What happens After an Audit?  Should an audit report indicate a serious compliance issue, OCR my initiate a compliance review to address the problem.  Generally, OCR will use the audit reports to determine what types of technical assistance should be developed and what types of corrective actions are most effective.

     Why the Push for Increased Audits?  The increase of 6,230,963 (for a total of 18,190,451) impacted individuals of HITECH breaches represents a skyrocketing jump of growing number of individuals affected by privacy and security breaches heightens the need by OCR to strengthen enforcement and accountability through compliance audits to ensure compliance with these Rules.

     What should a covered entity do to prepare for a potential OCR Audit and avoid the consequences (monetary penalties) for non-compliance?  To avoid the consequences of potential penalties for non-compliance, covered entities and business associates must now pay immediate attention to 1) conducting a new or reviewing an existing Risk Assessment of threat and vulnerability to Protected Health Information (PHI); 2) mitigating identified risks through privacy and security safeguard Policies and Procedures3) Training their workforce member (which includes management) to safeguard privacy and security of PHI; and, 4) Documenting those actions in writing.

 

HHS Appoints Contractor to Conduct HIPAA Privacy and Security Audits

HHS Appoints Contractor to Conduct HIPAA Privacy and Security Audits.

OCR Settles HIPAA Privacy and Security Case With UCLA

OCR Settles HIPAA Privacy and Security Case With UCLA.

Celebrity snooping  by employees results in stiff civil monetary penalties and a resolution agreement to University of California Los Angeles Health Services (UCLAHS).

Woman Faces Criminal Charges for HIPAA Privacy Violations

Woman Faces Criminal Charges for HIPAA Privacy Violations.

Resolution Agreements

What is a Resolution Agreement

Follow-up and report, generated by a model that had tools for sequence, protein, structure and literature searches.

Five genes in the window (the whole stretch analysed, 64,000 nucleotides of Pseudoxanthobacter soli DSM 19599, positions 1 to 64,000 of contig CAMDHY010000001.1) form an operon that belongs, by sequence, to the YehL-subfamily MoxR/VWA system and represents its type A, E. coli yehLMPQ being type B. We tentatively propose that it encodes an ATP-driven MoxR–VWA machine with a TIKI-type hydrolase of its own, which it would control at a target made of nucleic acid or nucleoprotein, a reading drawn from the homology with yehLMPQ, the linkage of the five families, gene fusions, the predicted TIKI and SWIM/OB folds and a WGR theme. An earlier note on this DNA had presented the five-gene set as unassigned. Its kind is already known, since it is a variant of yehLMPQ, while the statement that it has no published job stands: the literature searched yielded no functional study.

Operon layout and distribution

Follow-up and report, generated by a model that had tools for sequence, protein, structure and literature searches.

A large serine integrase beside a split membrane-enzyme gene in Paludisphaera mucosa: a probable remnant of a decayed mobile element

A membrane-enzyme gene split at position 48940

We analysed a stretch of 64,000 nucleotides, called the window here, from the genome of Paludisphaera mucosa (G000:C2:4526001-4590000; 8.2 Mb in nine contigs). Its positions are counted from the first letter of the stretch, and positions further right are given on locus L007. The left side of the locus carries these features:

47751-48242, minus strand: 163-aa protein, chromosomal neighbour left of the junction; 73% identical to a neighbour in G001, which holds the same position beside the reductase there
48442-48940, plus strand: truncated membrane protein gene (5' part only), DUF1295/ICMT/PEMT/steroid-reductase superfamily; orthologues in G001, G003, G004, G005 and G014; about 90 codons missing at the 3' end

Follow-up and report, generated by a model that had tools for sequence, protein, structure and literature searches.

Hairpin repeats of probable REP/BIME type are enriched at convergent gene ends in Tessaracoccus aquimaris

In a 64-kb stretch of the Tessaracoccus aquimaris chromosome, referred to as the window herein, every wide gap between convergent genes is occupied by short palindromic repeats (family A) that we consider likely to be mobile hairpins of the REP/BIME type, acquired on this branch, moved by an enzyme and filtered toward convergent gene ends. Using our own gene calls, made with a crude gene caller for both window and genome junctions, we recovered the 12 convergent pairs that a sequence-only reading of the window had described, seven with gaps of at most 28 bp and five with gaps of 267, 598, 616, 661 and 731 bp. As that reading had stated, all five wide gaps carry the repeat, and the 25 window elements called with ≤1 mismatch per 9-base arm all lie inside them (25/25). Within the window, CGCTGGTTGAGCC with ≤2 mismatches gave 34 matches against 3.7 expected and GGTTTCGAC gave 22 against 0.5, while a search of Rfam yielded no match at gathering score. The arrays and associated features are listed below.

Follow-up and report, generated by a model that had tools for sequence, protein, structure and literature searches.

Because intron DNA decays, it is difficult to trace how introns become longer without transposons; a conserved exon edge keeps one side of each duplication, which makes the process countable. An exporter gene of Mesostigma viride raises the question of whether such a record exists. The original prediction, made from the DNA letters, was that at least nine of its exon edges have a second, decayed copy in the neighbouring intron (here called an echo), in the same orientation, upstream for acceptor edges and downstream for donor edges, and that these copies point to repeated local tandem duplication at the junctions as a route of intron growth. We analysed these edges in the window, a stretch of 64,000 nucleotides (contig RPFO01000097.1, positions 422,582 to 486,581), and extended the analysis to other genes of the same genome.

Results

Resolution Agreements and Civil Money Penalties -A resolution agreement is a contract initiated by HHS and then signed by HHS and a covered entity in which the covered entity agrees to perform certain obligations (e.g., staff training) and make reports to HHS, generally for a period of three years. During the period, HHS monitors the covered entity’s compliance with its obligations.  A resolution agreement would likely include the payment of a resolution amount.  These agreements are brought about to settle investigations with more serious outcomes. When HHS has not been able to reach a satisfactory resolution through the covered entity’s demonstrated compliance or corrective action through other informal means, civil money penalties (CMPs) are imposed for noncompliance against a covered entity.   

Candy Sina

Author & Publisher of Medicare/Medicaid Compliance for Less Than $2.00

www.healthcarecomplianceconsulting.net

Accounting of Disclosures – Proposed Rule

Patient rights in the healthcare industry have been a critical issue for years.  One such right that the public has insisted on is their right to access their own health information and amend health information when it is deemed to be incorrect. 

On May 31, 2011, the Department of Health and Human Services (HHS) Office for Civil Rights (OCR) published a Notice of Proposed Rule Making (NPRM) entitled HIPAA Privacy Rule Accounting of Disclosures Under HITECH.  OCR will now receive comments on this proposed rule until August 1, 2011 and is expected to publish a final rule by the end of 2011. Compliance with the accounting of disclosures requirements would then begin sometime mid 2012.

The purpose of this rule is to implement the requirement under HITECH to require covered entities and business associates to account for disclosures of protected health information to carry out treatment, payment and healthcare operations where such disclosures are made through an electronic health record. This rule will expand the accounting provision so that individuals would have the right to receive an access report indicating who has accessed ePHI in a designated record set.  A Designated Record Set means a group of records maintained by or for a health plan or health care provider that are 1) the medical records and billing records about individuals maintained by or for a covered health care provider; 2) the enrollment, payment, claims adjudication, and case or medical management record systems maintained by or for a health plan; used, in whole or in part, by or for the health plan or health care provider to make decisions about individuals.